Frank And Oak Just Launched Their First Sustainable Winter Boot
“It’s a complex product because there’s the aesthetic component, the performance component and the sustainability component."
Adding to their assortment of minimal impact goods, Frank And Oak has launched a winter boot made with materials such as recycled rubber and plant-dyed leather. “We’re in a time where there are a lot of innovations in sustainability,” notes the brand’s co-founder and CEO, Ethan Song. “There are new sneakers coming out almost every week. We thought, well, we live in Canada, so we need to apply all this learning and technology to our climate.”
The Nevasca boot – named so after the Portuguese word for ‘snowstorm’, which is fitting because it’s made in a factory outside of Porto – is meant to be a bridge between a style that is light enough to wear throughout the day but offers warmth and comfort, has great traction, and repels snow and slush. “It’s a complex product because there’s the aesthetic component, the performance component and the sustainability component,” Song says.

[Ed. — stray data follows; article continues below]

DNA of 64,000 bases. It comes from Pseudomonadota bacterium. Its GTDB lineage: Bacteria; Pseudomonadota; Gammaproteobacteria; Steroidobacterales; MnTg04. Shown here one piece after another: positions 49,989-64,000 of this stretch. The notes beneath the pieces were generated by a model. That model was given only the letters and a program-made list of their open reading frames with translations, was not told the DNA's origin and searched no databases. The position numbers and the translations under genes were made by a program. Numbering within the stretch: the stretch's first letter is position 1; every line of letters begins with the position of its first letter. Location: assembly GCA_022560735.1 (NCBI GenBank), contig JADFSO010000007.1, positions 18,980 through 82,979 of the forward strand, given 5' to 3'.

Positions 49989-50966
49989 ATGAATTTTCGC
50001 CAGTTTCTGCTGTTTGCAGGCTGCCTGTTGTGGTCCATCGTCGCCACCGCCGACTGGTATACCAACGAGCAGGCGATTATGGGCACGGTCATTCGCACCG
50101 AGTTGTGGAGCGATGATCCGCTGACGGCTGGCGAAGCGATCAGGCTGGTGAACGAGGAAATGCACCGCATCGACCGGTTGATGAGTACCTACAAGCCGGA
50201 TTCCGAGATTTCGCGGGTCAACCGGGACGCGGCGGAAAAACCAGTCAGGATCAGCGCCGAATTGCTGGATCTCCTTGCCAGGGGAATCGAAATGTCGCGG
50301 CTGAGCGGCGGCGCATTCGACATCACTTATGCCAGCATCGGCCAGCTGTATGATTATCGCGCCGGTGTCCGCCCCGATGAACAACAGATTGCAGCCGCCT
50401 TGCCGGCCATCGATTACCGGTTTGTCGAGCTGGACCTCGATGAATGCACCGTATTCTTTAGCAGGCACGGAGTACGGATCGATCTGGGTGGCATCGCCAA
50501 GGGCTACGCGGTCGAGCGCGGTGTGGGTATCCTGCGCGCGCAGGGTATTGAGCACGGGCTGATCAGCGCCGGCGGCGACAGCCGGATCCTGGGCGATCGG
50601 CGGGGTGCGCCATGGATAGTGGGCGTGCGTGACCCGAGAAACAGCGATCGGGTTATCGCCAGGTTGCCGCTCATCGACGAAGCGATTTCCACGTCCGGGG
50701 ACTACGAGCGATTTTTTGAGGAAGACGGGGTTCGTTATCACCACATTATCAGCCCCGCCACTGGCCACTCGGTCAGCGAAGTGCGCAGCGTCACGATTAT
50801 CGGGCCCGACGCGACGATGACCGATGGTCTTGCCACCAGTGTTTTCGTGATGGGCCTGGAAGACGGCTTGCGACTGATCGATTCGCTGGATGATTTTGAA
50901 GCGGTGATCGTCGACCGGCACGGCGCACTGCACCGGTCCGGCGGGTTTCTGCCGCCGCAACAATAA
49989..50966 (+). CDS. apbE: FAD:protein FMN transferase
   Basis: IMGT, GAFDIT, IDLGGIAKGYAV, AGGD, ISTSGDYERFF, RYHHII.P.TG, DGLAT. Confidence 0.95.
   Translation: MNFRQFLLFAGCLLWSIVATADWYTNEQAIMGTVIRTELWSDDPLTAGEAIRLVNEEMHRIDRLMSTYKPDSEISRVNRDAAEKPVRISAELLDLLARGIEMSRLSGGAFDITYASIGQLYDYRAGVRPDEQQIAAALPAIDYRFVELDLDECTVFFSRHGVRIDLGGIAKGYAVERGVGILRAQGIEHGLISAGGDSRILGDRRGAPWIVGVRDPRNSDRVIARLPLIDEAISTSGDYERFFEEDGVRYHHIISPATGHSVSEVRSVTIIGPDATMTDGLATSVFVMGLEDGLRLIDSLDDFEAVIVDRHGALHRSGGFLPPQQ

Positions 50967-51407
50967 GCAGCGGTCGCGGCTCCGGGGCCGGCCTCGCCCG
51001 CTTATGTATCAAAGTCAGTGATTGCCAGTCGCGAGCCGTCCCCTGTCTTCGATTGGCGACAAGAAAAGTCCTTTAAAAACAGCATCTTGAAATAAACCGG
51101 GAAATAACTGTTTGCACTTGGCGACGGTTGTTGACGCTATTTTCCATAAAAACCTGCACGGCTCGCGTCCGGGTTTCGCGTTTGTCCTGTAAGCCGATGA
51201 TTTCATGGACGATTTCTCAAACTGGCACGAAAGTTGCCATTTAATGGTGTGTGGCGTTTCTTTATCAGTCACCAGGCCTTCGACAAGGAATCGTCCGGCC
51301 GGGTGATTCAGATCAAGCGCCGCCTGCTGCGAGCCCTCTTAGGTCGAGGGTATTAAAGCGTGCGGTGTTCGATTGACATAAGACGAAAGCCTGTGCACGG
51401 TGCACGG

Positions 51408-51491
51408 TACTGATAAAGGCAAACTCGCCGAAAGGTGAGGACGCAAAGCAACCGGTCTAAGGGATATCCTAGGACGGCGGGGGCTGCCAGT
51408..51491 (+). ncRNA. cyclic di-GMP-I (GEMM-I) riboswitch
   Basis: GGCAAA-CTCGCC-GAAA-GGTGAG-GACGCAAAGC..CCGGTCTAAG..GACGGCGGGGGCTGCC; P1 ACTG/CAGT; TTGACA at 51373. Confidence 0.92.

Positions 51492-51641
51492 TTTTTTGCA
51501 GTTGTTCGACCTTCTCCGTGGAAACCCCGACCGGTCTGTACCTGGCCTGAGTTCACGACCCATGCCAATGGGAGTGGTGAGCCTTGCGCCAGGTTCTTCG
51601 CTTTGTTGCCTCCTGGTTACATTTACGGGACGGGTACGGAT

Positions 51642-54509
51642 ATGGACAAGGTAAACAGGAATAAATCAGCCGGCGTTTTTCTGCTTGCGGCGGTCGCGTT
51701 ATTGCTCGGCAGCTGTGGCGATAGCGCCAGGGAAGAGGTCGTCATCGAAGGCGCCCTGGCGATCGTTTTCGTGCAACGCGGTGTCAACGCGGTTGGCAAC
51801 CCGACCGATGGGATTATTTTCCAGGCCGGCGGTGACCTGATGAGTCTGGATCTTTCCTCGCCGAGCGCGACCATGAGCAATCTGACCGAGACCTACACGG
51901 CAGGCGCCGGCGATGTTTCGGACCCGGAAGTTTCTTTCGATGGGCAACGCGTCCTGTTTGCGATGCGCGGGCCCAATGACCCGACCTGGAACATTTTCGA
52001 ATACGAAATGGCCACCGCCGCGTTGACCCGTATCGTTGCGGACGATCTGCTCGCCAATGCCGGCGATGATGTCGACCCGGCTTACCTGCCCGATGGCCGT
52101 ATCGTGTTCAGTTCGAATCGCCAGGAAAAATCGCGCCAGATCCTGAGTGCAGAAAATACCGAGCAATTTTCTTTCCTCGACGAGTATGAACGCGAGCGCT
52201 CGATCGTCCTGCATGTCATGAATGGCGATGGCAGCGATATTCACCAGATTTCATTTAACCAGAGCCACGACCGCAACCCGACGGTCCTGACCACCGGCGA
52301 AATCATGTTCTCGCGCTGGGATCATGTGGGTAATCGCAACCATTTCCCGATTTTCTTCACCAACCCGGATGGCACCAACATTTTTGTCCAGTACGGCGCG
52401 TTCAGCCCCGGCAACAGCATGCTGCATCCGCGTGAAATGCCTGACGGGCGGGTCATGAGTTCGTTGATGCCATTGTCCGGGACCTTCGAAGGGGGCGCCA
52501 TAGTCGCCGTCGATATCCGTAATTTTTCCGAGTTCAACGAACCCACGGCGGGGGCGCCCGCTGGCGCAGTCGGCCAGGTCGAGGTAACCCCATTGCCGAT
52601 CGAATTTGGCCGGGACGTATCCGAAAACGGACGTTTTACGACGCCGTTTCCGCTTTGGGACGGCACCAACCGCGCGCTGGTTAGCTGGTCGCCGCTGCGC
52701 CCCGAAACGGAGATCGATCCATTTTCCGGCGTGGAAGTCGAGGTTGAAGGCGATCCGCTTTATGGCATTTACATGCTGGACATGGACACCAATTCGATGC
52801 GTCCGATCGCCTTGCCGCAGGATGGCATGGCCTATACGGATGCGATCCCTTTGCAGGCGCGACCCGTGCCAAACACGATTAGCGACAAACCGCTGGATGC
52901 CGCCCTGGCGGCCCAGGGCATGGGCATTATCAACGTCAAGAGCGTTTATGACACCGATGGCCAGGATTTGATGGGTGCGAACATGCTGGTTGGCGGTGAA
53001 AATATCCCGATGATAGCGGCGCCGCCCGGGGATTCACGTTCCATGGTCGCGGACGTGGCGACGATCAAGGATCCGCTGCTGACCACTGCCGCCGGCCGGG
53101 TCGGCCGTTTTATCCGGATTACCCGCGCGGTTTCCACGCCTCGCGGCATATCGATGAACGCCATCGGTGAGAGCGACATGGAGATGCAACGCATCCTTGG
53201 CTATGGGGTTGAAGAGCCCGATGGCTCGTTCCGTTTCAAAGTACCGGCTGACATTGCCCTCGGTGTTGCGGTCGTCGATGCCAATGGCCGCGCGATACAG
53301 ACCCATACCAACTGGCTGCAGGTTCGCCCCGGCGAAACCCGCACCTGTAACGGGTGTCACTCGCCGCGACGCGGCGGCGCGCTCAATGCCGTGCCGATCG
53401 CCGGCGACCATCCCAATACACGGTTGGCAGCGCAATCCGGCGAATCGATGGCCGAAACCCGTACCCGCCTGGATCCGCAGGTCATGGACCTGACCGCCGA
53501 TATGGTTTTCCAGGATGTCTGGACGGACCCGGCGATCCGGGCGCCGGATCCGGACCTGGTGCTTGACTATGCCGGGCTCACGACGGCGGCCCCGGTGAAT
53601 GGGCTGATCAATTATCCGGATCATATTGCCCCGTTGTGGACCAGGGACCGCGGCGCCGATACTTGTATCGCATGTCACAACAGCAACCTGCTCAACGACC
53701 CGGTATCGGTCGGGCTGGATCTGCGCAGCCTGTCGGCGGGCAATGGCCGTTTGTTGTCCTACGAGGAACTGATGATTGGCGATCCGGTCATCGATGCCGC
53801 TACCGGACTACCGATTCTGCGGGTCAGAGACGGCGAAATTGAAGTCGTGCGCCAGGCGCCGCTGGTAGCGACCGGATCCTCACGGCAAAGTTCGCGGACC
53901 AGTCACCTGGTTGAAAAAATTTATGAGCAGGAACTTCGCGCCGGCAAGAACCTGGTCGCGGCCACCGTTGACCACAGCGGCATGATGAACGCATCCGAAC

To address these unique aspects, the Nevasca has several standout elements in both its look and functionality, such as combining discarded coffee husks with rubber to create sturdier toe caps and mudguards, and the use of recycled wool felt to produce a cozy but breathable lining. The use of leather that has been coloured in a chrome-free process is another notable detail. “In more traditional ways of dying leather, they’ll use chemicals or metals,” notes Song. “That’s both damaging to the workers and to the environment.” He also highlights that the leather utilized in the boot’s design is an agricultural by-product, helping to reduce the amount of waste generated by the meat industry.
While Frank And Oak has produced sustainably-focused pieces for a few seasons including outerwear, denim and cotton t-shirts, this launch marks the kick-off of their eco-conscious footwear offerings. “We’ve had shoes for the last couple of years,” Song says about conceptualizing and creating the Nevasca. “We decided about 18 months ago that we weren’t going to make [ones] that didn’t use sustainable materials anymore.” Talk about putting your best foot forward.
The Nevasca boot retails for $249 and is available now at frankandoak.com.